A mega post as I enter Cornwall in mid-July for the first of ten (10) ticks on the way to GBG glory.

The Scillies apart, Cornwall isn’t as tricky as Devon to complete; fewer Guide entries, fewer high edges, less chance of a pub run by an octogenarian being unexpectedly shut on Thursday*.

And it is gorgeous, the GBG leading you to some wonderful pubs and beaches like Finnygook, just west of the refined National Trust properties across the Tamar.

I’d never heard of Finnygook Beach, or Portwinkle, or Crafthole (home to the GBG pub), but luckily millions have been spent on interactive tourist information “pods”.

Most of the attractions involve go-carting, cider, and looking at owls, all of which are technically immoral.

I suspect that due to The Covid the leaflets hadn’t been updated since 2019, same as this gig poster, and coincidentally a major fire at the Finnygook.

Plenty of time to walk down to the beach past the golf club with its warnings of dire consequences if you got in the way of Bert’s tee shots.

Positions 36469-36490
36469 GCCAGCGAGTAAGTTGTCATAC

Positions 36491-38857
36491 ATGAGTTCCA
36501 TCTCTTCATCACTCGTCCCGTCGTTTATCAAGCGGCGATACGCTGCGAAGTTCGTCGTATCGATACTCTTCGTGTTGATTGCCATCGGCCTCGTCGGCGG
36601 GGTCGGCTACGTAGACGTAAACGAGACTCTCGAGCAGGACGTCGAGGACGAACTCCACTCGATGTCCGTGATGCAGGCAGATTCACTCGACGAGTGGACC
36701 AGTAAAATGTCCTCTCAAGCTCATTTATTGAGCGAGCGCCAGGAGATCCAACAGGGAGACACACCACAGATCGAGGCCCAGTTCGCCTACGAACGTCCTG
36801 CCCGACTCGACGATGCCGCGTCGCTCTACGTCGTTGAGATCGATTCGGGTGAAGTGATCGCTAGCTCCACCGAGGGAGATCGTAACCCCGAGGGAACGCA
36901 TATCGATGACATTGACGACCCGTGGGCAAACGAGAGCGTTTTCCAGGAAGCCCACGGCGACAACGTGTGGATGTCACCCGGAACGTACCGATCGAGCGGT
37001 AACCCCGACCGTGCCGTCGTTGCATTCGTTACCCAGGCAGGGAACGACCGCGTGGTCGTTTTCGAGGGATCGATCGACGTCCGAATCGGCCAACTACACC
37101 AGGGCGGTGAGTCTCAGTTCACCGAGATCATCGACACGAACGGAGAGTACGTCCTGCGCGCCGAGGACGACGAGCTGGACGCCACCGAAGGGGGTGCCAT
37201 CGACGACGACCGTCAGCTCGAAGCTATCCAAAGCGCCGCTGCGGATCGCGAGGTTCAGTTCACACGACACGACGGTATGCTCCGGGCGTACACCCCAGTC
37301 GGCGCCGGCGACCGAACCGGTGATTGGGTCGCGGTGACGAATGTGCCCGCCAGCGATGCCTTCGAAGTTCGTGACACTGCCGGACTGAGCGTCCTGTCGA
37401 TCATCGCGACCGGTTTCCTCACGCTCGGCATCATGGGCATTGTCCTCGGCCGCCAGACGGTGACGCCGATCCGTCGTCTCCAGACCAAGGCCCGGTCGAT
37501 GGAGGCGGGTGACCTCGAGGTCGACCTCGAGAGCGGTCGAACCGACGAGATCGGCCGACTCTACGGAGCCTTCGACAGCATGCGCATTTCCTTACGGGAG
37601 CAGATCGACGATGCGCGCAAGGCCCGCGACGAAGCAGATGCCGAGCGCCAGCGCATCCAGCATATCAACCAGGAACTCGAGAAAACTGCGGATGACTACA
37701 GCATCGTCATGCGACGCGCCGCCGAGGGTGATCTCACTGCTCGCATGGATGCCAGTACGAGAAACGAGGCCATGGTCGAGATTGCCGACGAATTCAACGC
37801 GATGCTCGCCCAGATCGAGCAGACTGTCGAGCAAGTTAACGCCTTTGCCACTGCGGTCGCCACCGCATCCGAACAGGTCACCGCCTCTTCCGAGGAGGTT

It’s all happening in Portwrinkle, as they say in Saltash.

NB : The red dashes are the new UK/French border post Brexit.

Must get some strong winds down here, judging by the angle on that tree and signpost. An adventurer will ALWAYS head for anywhere which says “CAUTION : UNSTABLE“.

Finnygook isn’t pretty, and it stinks, but it has character,

and nice flowers, so that’s OK.

Most visitors were walking dogs, and the only facility was a cafe with ambitiously priced snacks (£3.40 for a coffee in a paper cup). The soundtrack was a succession of sonic booms, which coupled with my mobile phone temporarily entering a different time zone, almost persuaded me that Kernow had indeed pulled up the drawbridge and left the rest of the UK.

Back up the hill, a gaggle of retired ladies were standing at the door at noon, but reluctant to actually try it. Being the Alpha Male I am, I showed them how to open the door (normally the cue for it to be shut) and surged to the bar.

There’s a theme emerging here.

Standard Cornish dining pub with “Islands in the Stream” playing,

tremendously friendly staff, great views over to the Tamar.

I have a confession to make. The Tribute, which started off a cool NBSS 3+, deteriorated so rapidly outside I had to ditch it, picking on an innocent looking plant that was so dry the beer seeped through the bottom, possibly drowning half of Crafthole (pop. 384).

But the pub is great, particularly the Gents with its football tat and tribute to John Matthews, the Ian Clarkson of the ’70s.

I suspect the Covid memorabilia will still be there in 2042.

*I do hope I’ve got my “less” and “fewer” the right way round.


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